We live on a circle and she runs back and forth on the long straightaway of the circle where she can either be in earshot or keep an eye on the kids while they’re playing outside. When they’re inside, she's on the treadmill.
Boring? Nope. She's smiling on those back-and-forths.
Then there's Jameelah with five kids and two jobs. She chooses tough races like 100-milers with low finish rates because she likes doing what other believe she can't. She manages to put in her miles too.
She trains mostly at night on the treadmill at her 24-hour gym after her kids are asleep, around midnight to 3:00am. She's never been big on sleep, is a big nap-taker, and stays busy between it all.
With her work schedule, she often gets to races late and yet again - does the distance she can. Sometimes it’s a DNF, sometimes a finish, but she does it. In case you think she can’t possibly manage decent training, get this. At Double Top 100 last weekend, she started the 72-hour version of the race and did one tough 20-mile loop of it before she decided she wouldn’t have time to fit in the seven loops required to have a 72-hour finish. So she dropped to the 100-miler, opting to start it from scratch. That’s right - she ignored the first 20 miles she’d already completed. She finished the 100-miler in the rainstorm I missed, and though I was the first place woman, she actually ran six loops to my five.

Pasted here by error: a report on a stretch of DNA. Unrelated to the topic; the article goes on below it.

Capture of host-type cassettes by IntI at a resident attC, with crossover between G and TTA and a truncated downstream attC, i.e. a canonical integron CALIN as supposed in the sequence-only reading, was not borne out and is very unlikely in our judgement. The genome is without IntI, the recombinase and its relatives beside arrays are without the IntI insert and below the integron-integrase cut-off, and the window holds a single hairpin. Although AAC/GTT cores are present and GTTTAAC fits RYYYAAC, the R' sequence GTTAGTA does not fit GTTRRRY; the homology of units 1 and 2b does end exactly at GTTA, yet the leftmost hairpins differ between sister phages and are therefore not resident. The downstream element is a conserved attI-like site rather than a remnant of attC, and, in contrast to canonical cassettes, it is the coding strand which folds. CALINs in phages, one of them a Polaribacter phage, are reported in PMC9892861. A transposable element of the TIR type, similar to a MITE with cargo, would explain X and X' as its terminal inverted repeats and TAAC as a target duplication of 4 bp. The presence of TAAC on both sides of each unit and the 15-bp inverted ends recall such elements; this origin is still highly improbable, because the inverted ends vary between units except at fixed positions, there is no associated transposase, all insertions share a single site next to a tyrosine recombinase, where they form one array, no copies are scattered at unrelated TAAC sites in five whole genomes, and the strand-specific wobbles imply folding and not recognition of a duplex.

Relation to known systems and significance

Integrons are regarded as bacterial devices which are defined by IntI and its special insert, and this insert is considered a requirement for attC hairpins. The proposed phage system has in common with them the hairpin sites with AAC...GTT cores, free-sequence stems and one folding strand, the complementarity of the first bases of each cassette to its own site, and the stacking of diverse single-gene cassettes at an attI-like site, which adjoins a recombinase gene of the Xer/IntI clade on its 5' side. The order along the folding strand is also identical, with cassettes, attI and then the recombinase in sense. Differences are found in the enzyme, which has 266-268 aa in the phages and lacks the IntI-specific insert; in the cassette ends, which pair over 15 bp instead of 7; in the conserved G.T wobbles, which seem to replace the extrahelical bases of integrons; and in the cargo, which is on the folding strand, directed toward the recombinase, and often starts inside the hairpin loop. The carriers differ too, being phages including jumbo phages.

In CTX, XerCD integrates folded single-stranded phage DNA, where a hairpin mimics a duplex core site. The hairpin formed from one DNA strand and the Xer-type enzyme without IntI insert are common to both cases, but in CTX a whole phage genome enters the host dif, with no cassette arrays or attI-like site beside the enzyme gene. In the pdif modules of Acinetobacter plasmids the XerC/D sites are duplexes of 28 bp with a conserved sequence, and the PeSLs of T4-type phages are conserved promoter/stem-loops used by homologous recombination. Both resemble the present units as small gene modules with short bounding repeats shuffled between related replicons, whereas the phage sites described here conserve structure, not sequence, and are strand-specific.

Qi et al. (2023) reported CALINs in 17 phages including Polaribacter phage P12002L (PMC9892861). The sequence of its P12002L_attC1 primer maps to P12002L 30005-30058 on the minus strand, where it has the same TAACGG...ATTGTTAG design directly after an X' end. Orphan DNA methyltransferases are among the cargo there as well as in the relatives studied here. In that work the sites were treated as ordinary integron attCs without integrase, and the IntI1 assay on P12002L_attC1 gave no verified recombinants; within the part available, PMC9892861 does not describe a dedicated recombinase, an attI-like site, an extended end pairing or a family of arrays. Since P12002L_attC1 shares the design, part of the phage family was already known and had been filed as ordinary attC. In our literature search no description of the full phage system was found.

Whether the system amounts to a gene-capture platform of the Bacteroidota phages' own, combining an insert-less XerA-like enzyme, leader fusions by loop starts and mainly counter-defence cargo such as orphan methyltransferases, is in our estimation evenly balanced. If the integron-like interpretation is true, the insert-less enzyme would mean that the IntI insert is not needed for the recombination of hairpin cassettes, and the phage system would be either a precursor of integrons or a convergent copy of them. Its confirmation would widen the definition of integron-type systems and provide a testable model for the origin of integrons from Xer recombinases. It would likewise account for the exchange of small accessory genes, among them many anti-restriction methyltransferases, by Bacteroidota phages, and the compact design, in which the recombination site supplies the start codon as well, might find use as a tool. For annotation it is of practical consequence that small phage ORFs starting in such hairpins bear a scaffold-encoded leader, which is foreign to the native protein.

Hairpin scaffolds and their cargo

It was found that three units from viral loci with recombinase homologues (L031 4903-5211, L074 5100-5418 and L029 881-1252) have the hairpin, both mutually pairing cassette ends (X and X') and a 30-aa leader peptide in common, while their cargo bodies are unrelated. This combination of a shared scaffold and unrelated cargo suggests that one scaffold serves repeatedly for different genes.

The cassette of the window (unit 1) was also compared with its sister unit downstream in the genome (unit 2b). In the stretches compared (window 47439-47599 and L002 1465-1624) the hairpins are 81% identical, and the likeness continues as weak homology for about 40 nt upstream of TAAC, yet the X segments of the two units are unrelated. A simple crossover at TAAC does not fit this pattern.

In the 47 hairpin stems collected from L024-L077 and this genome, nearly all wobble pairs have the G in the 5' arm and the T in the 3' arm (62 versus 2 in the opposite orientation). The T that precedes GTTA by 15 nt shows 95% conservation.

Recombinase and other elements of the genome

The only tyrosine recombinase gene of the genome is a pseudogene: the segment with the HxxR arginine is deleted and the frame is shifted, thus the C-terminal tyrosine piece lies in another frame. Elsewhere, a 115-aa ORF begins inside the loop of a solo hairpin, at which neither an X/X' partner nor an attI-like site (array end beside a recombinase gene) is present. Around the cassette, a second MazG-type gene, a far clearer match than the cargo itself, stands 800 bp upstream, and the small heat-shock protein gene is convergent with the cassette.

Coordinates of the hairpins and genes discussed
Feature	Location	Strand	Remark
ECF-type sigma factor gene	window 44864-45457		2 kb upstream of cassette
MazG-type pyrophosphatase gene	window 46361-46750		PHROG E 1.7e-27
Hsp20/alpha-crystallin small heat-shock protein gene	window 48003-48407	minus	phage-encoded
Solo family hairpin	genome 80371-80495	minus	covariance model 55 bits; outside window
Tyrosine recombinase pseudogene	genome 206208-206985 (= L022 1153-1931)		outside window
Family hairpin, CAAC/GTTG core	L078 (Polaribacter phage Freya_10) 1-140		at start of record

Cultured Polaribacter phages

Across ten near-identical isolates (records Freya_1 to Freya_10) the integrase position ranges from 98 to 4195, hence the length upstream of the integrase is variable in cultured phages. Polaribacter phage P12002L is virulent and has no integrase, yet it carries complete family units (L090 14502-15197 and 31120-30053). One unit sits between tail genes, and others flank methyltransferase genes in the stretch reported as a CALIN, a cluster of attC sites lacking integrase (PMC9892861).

So, what’s the point of these two stories?
If there’s something you want, focus on what you can do about it, not what you can’t. Most of us can’t train perfectly to the perfect schedule. We live in flat places where we can’t train right for mountain races. Our jobs take time. We work weekends. The kids have soccer tournaments. We have lives. There are a million reasons you might not have time to get the weekday or long run miles you planned. The obstacles can be frustrating but if they’re all you see, they’re literally all you see. The mind can only hold one thought at a time, so it’s either chewing on the reason you can’t do your long run, or brainstorming ways you can fit a similar run in your schedule.
Can’t do or can. Your brain's either seeing the rocks in your trail or the way through them. If Jill or Jameelah dwelled on what they couldn’t do, there’d be no stories to tell.
“What CAN I do?” thinking is a habit worth building. It helps you balance your priorities - like Jill and Jameelah - and prepares you to handle the things that go wrong in an ultramarathon, not to mention the other difficulties of everyday life.
I hope these two stories get you thinking. These women found a way to make running fit in their present circumstances, and you can too.